Tobacco use and marketing among women – Bangladesh, Thailand, and Uruguay

A new study published in the U.S. Centers for Disease Control and Prevention journal, Morbidity and Mortality Weekly Reportexamines data from the 2009 Global Adult Tobacco Surveys (GATS) conducted in Bangladesh, Thailand, and Uruguay.  GATS is a nationally representative survey that tracks tobacco use using a standard protocol to ensure comparability across countries. The study found wide variation across the three countries in terms of tobacco use (smoked and smokeless) and awareness of tobacco marketing among men and women, pointing to the significant role of tobacco marketing in the initiation and maintenance of tobacco use.
 
Study Findings
·         In all three countries, use of smoked tobacco is higher among men than women.
o        In Bangladesh, 1.5% of women are current smokers, compared with 44.7% of men.
o        In Thailand, 3.1% of women are current smokers, compared with 45.6% of men.
o        In Uruguay, 19.8% of women are current smokers, compared with 30.7% of men.
·         The use of smokeless tobacco is similar for both men and women in Bangladesh, while in Thailand smokeless use is higher in women than men.
o        In Bangladesh, 27.9% of women and 26.4% of men use smokeless tobacco. 
o        In Thailand, 6.3% of women and 1.3% of men use smokeless products.
o        Uruguay has almost no smokeless tobacco use.
·         Exposure to cigarette marketing varies by country.
o        In Bangladesh, 68% of men and 29.3% of women noticed any cigarette marketing.
o        In Thailand, 17.4% of men and 14.5% of women noticed any cigarette marketing.
o        In Uruguay, 49% of men and 40% of women noticed any cigarette marketing.
o        The lowest exposure to tobacco marketing was found in Thailand, where a comprehensive ban on advertising—including at the point of sale—has been implemented.
·         In all countries, exposure to tobacco advertising, sponsorship, and promotion was greater among young adult women (15–24 years of age) than among older women (25 years of age or older).
o        In Bangladesh, 37.9% of young women and 25.6% of older women noticed any cigarette marketing.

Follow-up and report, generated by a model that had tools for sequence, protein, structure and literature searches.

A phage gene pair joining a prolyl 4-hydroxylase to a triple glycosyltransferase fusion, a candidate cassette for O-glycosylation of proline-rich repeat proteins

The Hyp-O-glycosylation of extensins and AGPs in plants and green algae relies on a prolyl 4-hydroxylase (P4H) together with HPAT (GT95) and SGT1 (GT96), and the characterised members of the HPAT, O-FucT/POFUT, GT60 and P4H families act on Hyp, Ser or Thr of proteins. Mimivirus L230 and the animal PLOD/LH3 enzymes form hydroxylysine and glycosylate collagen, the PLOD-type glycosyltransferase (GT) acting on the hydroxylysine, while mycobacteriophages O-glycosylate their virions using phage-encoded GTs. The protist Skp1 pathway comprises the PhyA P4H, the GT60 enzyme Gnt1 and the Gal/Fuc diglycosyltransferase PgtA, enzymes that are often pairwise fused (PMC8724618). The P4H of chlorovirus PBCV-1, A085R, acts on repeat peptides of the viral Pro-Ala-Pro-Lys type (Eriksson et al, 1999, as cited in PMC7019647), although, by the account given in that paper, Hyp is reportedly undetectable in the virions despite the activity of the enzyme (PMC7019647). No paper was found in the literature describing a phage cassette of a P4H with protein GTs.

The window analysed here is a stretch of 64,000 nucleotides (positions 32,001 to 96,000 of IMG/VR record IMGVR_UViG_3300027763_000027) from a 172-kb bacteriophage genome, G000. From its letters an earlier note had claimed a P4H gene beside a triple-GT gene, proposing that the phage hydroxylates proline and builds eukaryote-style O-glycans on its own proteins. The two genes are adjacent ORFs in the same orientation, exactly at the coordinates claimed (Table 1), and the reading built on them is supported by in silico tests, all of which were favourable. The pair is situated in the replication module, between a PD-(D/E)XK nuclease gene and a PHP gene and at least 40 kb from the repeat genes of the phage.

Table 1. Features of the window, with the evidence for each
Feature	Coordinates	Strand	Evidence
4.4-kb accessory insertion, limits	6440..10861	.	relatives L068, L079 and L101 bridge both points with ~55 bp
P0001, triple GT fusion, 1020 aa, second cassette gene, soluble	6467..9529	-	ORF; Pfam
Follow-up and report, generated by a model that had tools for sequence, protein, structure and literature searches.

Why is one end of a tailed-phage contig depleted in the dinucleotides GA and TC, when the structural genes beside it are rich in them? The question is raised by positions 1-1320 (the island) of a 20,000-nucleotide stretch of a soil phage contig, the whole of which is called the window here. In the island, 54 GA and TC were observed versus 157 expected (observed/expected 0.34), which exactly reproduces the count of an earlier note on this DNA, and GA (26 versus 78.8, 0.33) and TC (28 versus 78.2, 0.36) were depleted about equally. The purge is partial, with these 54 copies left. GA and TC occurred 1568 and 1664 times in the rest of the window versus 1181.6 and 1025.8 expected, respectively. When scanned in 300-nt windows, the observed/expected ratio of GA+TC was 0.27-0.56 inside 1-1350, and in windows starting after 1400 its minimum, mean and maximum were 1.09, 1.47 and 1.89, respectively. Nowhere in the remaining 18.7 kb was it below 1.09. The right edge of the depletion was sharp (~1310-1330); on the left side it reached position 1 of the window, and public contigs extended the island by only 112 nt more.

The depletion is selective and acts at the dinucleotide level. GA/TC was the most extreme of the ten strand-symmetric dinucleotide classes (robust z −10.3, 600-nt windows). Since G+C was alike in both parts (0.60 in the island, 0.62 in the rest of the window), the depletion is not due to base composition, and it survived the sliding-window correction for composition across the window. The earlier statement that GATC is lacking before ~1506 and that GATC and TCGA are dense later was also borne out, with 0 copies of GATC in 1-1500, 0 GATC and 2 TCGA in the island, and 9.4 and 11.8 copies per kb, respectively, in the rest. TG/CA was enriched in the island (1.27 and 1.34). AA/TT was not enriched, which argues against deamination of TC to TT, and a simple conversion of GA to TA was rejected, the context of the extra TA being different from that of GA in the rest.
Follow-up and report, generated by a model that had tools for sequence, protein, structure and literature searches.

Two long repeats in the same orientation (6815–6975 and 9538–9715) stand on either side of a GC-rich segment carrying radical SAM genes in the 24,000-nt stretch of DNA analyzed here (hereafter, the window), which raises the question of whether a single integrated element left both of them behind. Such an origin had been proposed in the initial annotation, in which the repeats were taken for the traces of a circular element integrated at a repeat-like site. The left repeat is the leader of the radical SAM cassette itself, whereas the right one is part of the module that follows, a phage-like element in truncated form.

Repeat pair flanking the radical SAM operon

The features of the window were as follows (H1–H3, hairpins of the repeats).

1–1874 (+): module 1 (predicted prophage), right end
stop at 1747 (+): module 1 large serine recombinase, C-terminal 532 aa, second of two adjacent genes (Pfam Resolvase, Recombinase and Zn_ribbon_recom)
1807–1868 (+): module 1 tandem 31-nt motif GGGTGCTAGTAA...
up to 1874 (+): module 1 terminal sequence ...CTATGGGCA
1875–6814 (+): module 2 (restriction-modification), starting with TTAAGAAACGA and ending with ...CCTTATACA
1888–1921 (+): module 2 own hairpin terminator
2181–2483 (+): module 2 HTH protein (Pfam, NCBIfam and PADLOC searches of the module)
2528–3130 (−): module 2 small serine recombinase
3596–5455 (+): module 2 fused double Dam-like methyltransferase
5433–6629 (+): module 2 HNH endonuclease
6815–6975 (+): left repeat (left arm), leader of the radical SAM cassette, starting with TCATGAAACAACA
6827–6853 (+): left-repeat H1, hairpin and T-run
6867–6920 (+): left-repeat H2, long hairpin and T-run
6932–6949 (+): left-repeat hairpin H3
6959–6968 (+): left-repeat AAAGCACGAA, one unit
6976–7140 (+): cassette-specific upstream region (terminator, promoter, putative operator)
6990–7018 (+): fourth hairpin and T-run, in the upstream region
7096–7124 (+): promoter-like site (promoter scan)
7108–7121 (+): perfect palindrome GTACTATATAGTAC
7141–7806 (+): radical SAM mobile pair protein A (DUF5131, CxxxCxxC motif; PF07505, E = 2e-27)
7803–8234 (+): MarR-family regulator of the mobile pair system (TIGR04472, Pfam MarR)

o        In Thailand, 28.1% of younger women and 11.2% of older women noticed any cigarette marketing.
o        In Uruguay, 62.5% of younger women and 34.9% of older women noticed any cigarette marketing.
 
Key Messages
·         Tobacco marketing plays a significant role in the initiation and maintenance of tobacco use; the tobacco industry spends tens of billions of dollar annually on direct and indirect advertising of tobacco products.
·         Younger females (ages 15-24) appear to be especially vulnerable to such marketing, suggesting that tobacco companies are targeting this population where there is the greatest potential for profit.
·         Governments around the world must implement and enforce policies mandated by the World Health Organization’s Framework Convention on Tobacco Control which includes a ban on tobacco advertising, promotion, and sponsorship.
 
Full citation
U.S.Centers for Disease Control and Prevention. Differences in Sex in Tobacco Use and Awareness of Tobacco Marketing — Bangladesh, Thailand, and Uruguay, 2009. Morbidity and Mortality Weekly Report [online serial] 2010 May 28;59(20):613-8.
 
Full report available from [English only] http://www.cdc.gov/mmwr/preview/mmwrhtml/mm5920a2.htm
 
If you have questions about the report or how you may use it in your advocacy efforts, please email research@tobaccofreecenter.org.
 

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